Dr. Chauncey W. Crandall, M.D. is chief of the Cardiac Transplant Program at the world-renowned Palm Beach Cardiovascular Clinic in Palm Beach Gardens, Fla.. He practices interventional, vascular, and transplant cardiology. Dr. Crandall received his post-graduate training at Yale University School of Medicine, where he also completed three years of research in the Cardiovascular Surgery Division. Dr. Crandall regularly lectures nationally and internationally on preventive cardiology, cardiology healthcare of the elderly, healing, interventional cardiology, and heart transplants. Known as the “Christian physician,” Dr. Crandall has been heralded for his values and message of hope to all his heart patients. Dr. Crandall is author of Dr. Crandall’s Heart Health Report newsletter.

Dr. Chauncey W. Crandall, M.D.

Tags: Heart Disease | High Blood Pressure | High Cholesterol | Obesity | heart | disease | surgery

Surgery: Heart Disease Fix?

Wednesday, 14 Aug 2013 10:05 AM

This is a scene that takes place in my office every day. I’ve just told a patient that he or she has heart disease. The patient always looks at me hopefully and says: “But you can fix it, can’t you?”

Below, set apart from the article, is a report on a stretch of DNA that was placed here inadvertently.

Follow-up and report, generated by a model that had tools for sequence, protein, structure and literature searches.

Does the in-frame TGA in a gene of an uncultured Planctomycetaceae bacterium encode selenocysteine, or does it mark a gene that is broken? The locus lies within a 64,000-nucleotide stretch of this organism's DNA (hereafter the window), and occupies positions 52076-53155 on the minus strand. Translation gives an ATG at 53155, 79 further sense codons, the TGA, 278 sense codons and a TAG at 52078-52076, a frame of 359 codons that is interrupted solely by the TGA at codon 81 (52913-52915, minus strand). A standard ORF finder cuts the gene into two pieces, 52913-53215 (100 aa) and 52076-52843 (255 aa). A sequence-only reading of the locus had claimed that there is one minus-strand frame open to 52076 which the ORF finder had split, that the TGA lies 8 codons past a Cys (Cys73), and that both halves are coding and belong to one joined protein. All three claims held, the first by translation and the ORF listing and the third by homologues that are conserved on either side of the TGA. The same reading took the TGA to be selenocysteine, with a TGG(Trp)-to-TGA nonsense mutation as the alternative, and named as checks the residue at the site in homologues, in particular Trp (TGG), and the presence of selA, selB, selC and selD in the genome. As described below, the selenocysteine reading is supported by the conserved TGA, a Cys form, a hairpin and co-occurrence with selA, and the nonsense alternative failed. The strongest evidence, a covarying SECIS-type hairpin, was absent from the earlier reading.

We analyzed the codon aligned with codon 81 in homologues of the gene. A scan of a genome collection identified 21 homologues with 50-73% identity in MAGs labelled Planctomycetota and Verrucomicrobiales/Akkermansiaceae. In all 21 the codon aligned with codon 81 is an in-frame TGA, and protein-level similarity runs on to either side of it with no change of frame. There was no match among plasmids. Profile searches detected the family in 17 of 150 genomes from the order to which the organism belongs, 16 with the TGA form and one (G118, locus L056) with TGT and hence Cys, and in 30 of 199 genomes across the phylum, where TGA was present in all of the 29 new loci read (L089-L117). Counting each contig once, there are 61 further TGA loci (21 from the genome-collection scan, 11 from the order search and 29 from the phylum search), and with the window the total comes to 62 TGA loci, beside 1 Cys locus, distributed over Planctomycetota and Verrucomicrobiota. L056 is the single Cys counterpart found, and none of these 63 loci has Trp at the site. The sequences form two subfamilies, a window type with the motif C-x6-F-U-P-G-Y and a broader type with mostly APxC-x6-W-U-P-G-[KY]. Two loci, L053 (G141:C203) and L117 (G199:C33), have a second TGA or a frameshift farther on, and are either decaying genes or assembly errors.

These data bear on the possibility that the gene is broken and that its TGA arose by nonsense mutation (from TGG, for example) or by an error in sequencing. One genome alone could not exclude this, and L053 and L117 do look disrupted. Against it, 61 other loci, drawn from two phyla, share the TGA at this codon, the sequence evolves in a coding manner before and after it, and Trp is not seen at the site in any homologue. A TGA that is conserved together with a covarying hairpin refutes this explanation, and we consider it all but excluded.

Well, the answer is “yes” — but usually not in the way the patient thinks. Too often, they expect that stenting (widening the coronary artery and inserting a brace to keep it open) or cardiac bypass surgery (the creation of alternative vessels that increase blood flow to the heart) will solve their problem. But it’s not that easy.
If you are told you have coronary artery disease, it means you have a condition known as atherosclerosis, or hardening of the arteries. This gradual narrowing of your coronary arteries began years ago.
While implanting a stent to widen arteries, or performing surgery to create alternative blood flow can prevent a heart attack in the short term, those are only temporary measures. They will do nothing to halt the relentless progression of atherosclerosis.
Such cases are not hopeless, however. There are things people can do over the long term to reverse heart disease and dissolve potential heart-attack causing blockages. Stenting and bypass surgery are measures that buy you that time, but the true “fix” for coronary artery disease comes with living a heart healthy lifestyle.

This means losing weight, exercising, and exchanging unhealthy eating habits for meals
comprised of fresh, whole fruits, vegetables, and grains. Patients who take this advice no longer live in fear of heart disease, and they feel better and healthier than they have in years.
These kinds of myths have shaped our thoughts on heart disease for a long time. They are deeply rooted, so it will take conscious effort on your part to learn to think differently about heart health. But in time, healthy practices and ways of thinking will take hold and translate into a new, heart-healthy lifestyle.
And practicing these heart-healthy habits will change your life for the better.

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